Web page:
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Student Activists Told to Remove Table from Penn State 'Free Speech Zone'

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posted on Sep, 18 2014 @ 10:22 AM
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Fantastic OP and thanks for showing both sides of the issue!

Rules are there for organization and so that everyone has equal opportunity to voice their opinions and state their message. These kids clearly violated the rules. Take the table down and follow the rules.

I don't support "free speech zones" in the general public, but the school is being pretty generous in having so many places where students can make their political case. And if you agree to the rules, you need to follow them. I don't really see the issue.

In fact, it could be that they put the table up to purposely disobey the rules and cause a ruckus about "free speech zones" on campus.
edit on 9/18/2014 by Benevolent Heretic because: (no reason given)




posted on Sep, 18 2014 @ 10:23 AM
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a reply to: OptimusCrime
You need to let them know for a matter of organization and so they know what is happening on their campus, but yes, they generally will shut you down.

Also it is not private property, it is public property that has a restricted use of services with all else being public.

edit on 9/18/2014 by AllSourceIntel because: formatting



posted on Sep, 18 2014 @ 10:27 AM
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originally posted by: AtcGod

originally posted by: TrueBrit
a reply to: AtcGod

I do not buy it.

Universities have been long associated with political debate, many of them actually having debating teams of their own, and most of them offer courses in "political science" (two words which belong in one sentence, about as much as Ghandi and Hitler belong at the same dinner table in the afterlife), political history, and the like.

It is not at all unusual, or for that matter contextually inappropriate therefore, that a university occasionally become a forum for discourse about political activism, and the meaning and origin of a document as important as the constitution of the United States of America, arguably one of the most important documents, of its kind to be found anywhere on the planet.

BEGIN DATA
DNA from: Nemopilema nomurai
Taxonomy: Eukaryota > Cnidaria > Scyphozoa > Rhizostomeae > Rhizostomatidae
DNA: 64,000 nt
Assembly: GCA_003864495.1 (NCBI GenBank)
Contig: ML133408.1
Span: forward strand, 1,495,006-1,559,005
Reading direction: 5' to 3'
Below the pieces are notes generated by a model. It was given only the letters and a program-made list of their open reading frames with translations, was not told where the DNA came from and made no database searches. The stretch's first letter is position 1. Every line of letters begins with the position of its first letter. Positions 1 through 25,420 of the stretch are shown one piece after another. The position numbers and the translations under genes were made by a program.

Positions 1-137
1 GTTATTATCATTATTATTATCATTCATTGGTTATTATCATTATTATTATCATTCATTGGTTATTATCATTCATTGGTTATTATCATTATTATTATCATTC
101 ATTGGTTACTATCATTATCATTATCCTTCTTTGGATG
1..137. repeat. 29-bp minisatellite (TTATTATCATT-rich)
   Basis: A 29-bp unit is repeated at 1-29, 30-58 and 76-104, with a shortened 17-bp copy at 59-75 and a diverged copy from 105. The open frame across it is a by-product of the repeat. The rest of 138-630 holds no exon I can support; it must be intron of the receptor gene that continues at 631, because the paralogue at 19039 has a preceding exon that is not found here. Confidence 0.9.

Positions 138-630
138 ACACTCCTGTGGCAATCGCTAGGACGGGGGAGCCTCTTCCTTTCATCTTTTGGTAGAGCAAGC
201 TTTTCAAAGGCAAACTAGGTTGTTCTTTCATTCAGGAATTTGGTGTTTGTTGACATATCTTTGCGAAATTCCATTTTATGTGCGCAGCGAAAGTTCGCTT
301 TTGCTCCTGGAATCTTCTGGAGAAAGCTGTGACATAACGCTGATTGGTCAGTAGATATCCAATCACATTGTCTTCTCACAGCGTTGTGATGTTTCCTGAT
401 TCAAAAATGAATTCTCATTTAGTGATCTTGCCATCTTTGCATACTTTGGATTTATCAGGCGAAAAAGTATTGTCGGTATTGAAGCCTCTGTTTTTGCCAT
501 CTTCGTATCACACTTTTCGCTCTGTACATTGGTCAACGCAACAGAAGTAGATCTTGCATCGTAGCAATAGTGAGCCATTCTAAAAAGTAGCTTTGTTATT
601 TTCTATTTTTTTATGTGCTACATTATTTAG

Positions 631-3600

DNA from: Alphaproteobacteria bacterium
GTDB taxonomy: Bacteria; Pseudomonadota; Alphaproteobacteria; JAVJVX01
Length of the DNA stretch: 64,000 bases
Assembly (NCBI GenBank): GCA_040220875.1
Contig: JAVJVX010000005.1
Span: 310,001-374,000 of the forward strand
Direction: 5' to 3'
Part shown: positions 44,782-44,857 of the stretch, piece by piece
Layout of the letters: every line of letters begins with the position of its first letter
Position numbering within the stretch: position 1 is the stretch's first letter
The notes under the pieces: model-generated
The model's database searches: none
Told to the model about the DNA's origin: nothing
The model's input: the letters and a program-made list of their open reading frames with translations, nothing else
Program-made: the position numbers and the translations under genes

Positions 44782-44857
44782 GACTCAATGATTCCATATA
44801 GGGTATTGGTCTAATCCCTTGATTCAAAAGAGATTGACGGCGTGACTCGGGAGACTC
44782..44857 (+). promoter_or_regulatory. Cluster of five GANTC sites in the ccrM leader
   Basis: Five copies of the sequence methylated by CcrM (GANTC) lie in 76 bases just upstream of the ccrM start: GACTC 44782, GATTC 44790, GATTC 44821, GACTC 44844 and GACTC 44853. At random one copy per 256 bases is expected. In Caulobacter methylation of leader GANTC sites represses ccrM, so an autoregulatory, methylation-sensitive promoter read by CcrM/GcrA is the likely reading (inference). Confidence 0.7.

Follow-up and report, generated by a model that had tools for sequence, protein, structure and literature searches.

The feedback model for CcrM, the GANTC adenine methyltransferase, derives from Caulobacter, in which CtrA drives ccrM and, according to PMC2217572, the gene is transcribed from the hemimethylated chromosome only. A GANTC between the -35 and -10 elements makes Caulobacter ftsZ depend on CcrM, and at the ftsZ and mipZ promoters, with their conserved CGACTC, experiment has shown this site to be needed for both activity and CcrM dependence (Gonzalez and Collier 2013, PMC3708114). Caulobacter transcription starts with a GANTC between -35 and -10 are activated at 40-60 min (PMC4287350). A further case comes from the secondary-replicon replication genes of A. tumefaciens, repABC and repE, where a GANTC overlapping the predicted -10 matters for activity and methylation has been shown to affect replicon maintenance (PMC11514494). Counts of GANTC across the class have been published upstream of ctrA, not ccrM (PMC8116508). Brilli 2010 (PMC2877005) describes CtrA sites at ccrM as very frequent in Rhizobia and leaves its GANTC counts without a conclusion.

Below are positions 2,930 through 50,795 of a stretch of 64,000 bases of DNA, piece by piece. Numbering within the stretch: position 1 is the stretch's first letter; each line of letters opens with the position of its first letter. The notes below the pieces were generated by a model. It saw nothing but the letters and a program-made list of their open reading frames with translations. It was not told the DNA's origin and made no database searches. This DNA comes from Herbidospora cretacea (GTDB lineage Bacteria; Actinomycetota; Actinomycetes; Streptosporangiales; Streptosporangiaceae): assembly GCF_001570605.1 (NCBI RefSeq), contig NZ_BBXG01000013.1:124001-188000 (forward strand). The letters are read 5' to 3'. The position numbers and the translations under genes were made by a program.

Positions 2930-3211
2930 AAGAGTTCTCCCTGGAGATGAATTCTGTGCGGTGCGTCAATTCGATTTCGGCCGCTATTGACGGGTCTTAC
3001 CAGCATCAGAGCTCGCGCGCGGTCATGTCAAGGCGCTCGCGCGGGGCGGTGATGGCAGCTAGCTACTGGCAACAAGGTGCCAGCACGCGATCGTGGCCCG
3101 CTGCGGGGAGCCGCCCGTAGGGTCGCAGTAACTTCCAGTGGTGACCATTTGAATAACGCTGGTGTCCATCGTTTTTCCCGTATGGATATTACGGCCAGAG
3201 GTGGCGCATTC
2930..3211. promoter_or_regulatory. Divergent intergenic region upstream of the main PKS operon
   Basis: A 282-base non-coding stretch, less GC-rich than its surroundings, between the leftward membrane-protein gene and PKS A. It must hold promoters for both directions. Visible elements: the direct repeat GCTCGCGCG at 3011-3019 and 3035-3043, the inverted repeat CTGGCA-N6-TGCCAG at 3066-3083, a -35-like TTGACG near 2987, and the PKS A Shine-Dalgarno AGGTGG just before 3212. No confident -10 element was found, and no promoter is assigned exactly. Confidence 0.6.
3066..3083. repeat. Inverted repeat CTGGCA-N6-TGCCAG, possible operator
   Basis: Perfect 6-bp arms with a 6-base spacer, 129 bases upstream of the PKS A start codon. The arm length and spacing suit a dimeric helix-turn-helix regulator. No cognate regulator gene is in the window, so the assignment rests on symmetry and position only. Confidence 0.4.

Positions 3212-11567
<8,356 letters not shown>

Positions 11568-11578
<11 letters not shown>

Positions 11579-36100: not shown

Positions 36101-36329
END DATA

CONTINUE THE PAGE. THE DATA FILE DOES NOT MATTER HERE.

It is a mark of staggering ignorance for any person to announce blithely, that they do not want to hear about politics, or that they do not give a crap about it. Everything which affects a persons life in a nation, every single thing, comes down to politics. From the cost of running an automobile, to the failures of any system designed to allow a person access to medical treatment. There is no facet of living in a democracy, which cannot be said to comprise an element which is acted upon by the direction of political discourse in a country.

Universities have a duty to their students, and indeed to the country in which they happen to be at the time, to promote in their students a desire to utilise their rights, and understand what they are.

Whether everyone enjoys the process is largely irrelevant.



Policies are put into place at any number of organizations for the purpose of good order and discipline. What a private organization decides are the rules are that organizations business.

It is everyone's right to decide what they allow themselves to be exposed to and what they are interested in. That is a freedom as well i should think. So I dont see how choosing to ignore politics, for whatever reason, would be in any way a display of ignorance.

Universities have a duty to deliver quality education that the student has paid for. To ensure they do that, there must be rules in place to facilitate an environment that allows for that to take place unimpeded.


A very good point. They policies Penn State has in place primarily serve that means such as not allowing bullhorning, annoying lights, obstructions, etc. I do think civility and order can take shape without a "free speech zone" though, especially if other, logical and legitimate rules and policies are respected as you noted.



posted on Sep, 18 2014 @ 10:30 AM
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originally posted by: Benevolent Heretic
Fantastic OP and thanks for showing both sides of the issue!

Rules are there for organization and so that everyone has equal opportunity to voice their opinions and state their message. These kids clearly violated the rules. Take the table down and follow the rules.

I don't support "free speech zones" in the general public, but the school is being pretty generous in having so many places where students can make their political case. And if you agree to the rules, you need to follow them. I don't really see the issue.